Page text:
private var messageField:TextField;
	private var currentGameState:GameState;

	/* ENTRY POINT */
	
	function resize(e) 
	{
		if (!inited) init();
		// else (resize or orientation change)
	}
	
	function init() 
	{
		if (inited) return;
		inited = true;
		
		platform1 = new Platform();
		platform1.x = 5;
		platform1.y = 200;
		this.addChild(platform1);
		
		platform2 = new Platform();
		platform2.x = 480;
		platform2.y = 200;
		this.addChild(platform2);
		
		ball = new Ball();
		ball.x = 250;
		ball.y = 250;
		this.addChild(ball);
		
		var scoreFormat:TextFormat = new TextFormat("Verdana", 24, 0xbbbbbb, true);
		scoreFormat.align = TextFormatAlign.CENTER;
		
		scoreField = new TextField();
		addChild(scoreField);
		scoreField.width = 500;
		scoreField.y = 30;
		scoreField.defaultTextFormat = scoreFormat;
		scoreField.selectable = false;
		
		var messageFormat:TextFormat = new TextFormat("Verdana", 18, 0xbbbbbb, true);
		messageFormat.align = TextFormatAlign.CENTER;
		
		messageField = new TextField();
		addChild(messageField);
		messageField.width = 500;
		messageField.y = 450;
		messageField.defaultTextFormat = messageFormat;
		messageField.selectable = false;
		messageField.text = "Press SPACE to start\nUse ARROW KEYS to move your platform";
		
		scorePlayer = 0;
		scoreAI = 0;
		setGameState(Paused);
		
		stage.addEventListener(KeyboardEvent.KEY_DOWN, keyDown);
	}
	
	private function setGameState(state:GameState):Void {
		currentGameState = state;
		updateScore();
		if (state == Paused) {
			messageField.alpha = 1;
		}else {
			messageField.alpha = 0;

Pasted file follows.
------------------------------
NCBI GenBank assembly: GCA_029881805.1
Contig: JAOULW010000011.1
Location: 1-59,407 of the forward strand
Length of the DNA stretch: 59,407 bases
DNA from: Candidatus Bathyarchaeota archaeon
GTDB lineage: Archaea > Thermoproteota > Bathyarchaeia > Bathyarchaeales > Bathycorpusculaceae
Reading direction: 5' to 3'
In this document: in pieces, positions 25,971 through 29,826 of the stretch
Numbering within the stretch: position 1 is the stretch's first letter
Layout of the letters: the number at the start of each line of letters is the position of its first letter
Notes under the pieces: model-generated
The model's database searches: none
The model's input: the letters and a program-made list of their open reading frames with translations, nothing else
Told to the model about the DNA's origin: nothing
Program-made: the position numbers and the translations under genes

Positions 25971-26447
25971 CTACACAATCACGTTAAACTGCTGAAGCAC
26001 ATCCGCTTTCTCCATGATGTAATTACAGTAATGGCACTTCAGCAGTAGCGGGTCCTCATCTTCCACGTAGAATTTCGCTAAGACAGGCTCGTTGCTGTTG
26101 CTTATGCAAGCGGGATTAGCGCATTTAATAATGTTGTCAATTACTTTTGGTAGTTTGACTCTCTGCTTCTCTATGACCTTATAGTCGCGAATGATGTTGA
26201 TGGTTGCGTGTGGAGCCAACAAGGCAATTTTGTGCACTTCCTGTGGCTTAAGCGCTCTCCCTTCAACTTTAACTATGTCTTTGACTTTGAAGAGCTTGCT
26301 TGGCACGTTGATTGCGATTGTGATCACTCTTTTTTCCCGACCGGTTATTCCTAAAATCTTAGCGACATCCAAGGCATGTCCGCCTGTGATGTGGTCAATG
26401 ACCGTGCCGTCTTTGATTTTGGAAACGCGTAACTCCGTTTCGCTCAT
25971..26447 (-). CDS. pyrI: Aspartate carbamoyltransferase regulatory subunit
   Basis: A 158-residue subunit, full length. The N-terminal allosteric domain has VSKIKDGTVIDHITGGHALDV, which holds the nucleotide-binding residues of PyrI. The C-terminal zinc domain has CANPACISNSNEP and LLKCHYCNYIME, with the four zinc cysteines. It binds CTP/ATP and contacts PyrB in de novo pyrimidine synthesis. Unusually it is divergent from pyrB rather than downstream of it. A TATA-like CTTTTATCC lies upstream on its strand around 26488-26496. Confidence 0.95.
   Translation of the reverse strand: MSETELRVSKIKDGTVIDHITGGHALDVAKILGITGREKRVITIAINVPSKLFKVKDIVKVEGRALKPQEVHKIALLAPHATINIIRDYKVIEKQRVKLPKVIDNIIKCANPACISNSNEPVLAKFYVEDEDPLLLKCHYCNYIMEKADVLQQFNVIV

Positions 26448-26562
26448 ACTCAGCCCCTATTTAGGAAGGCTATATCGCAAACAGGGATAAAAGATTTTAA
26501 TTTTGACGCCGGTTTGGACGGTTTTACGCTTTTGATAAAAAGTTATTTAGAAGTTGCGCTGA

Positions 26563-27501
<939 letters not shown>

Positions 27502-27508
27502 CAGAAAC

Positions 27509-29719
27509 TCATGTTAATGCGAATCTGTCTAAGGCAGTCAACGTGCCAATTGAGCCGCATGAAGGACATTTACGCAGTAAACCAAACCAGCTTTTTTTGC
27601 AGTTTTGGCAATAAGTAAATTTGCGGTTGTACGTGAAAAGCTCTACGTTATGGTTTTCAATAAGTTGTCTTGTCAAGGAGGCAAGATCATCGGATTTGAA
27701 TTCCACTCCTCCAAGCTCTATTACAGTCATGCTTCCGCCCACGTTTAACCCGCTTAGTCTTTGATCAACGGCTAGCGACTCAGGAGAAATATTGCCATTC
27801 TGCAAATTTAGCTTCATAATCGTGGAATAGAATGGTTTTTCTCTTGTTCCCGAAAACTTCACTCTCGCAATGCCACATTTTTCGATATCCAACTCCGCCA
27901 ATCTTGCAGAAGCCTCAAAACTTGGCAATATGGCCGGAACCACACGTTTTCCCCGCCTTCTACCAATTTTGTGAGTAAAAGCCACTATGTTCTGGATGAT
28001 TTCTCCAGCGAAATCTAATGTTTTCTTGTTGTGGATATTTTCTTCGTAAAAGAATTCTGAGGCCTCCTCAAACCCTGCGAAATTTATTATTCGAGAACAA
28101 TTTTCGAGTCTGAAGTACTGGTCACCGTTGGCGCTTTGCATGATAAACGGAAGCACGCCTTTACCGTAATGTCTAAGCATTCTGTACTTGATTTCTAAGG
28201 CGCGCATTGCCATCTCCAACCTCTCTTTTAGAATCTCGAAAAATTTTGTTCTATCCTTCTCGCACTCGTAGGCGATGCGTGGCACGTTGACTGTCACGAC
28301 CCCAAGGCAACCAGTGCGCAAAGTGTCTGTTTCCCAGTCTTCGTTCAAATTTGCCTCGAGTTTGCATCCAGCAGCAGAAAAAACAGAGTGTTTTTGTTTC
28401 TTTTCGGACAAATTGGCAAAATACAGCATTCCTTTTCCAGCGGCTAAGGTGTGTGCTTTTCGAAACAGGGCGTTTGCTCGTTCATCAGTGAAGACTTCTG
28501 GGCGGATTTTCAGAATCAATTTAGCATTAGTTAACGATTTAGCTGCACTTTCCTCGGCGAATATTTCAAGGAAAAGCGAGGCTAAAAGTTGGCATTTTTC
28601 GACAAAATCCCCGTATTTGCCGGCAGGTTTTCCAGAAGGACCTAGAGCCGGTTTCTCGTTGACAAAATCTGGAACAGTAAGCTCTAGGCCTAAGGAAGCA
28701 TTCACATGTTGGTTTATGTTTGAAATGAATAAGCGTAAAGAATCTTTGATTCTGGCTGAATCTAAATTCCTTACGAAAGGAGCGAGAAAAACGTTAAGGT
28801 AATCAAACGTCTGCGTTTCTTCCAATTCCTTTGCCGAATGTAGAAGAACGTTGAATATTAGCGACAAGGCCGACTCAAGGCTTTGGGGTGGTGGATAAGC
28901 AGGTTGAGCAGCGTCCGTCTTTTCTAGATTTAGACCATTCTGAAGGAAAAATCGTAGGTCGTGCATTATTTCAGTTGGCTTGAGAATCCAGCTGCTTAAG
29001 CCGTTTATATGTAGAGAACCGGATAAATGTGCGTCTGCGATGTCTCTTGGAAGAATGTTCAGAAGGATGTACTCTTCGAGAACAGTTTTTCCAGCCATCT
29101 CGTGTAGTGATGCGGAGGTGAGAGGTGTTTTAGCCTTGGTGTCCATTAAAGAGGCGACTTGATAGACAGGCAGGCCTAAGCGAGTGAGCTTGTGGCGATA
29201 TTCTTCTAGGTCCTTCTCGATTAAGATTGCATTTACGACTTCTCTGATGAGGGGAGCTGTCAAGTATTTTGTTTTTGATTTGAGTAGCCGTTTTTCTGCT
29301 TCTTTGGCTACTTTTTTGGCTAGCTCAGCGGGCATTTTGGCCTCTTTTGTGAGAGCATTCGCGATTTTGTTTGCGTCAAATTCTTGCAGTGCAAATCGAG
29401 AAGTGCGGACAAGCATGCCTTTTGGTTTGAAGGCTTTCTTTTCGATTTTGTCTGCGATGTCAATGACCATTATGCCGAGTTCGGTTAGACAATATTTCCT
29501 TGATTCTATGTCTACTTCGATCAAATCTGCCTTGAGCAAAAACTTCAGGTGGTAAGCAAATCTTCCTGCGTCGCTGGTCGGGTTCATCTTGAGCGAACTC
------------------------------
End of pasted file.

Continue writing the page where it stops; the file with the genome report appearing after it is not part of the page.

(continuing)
}
	}
	
	private function keyDown(event:KeyboardEvent):Void {
		if (currentGameState == Paused && event.keyCode == 32) {
			setGameState(Playing);
		}
	}
	
	private function updateScore():Void {
		scoreField.text = scorePlayer + ":" + scoreAI;
	}

	/* SETUP */

	public function new() 
	{
		super();	
		addEventListener(Event.ADDED_TO_STAGE, added);
	}

	function added(e) 
	{
		removeEventListener(Event.ADDED_TO_STAGE, added);
		stage.addEventListener(Event.RESIZE, resize);
		#if ios
		haxe.Timer.delay(init, 100); // iOS 6
		#else
		init();
		#end
	}
	
	public static function main() 
	{
		// static entry point
		Lib.current.stage.align = flash.display.StageAlign.TOP_LEFT;
		Lib.current.stage.scaleMode = flash.display.StageScaleMode.NO_SCALE;
		Lib.current.addChild(new Main());
		//
	}
}

If you test your project now, you'll see something like this:

Haxe OpenFL Pong game

Pressing the spacebar in your game will change the state from Paused to Playing. In the next part of the series, we will add a game loop and player-controlled platform movement.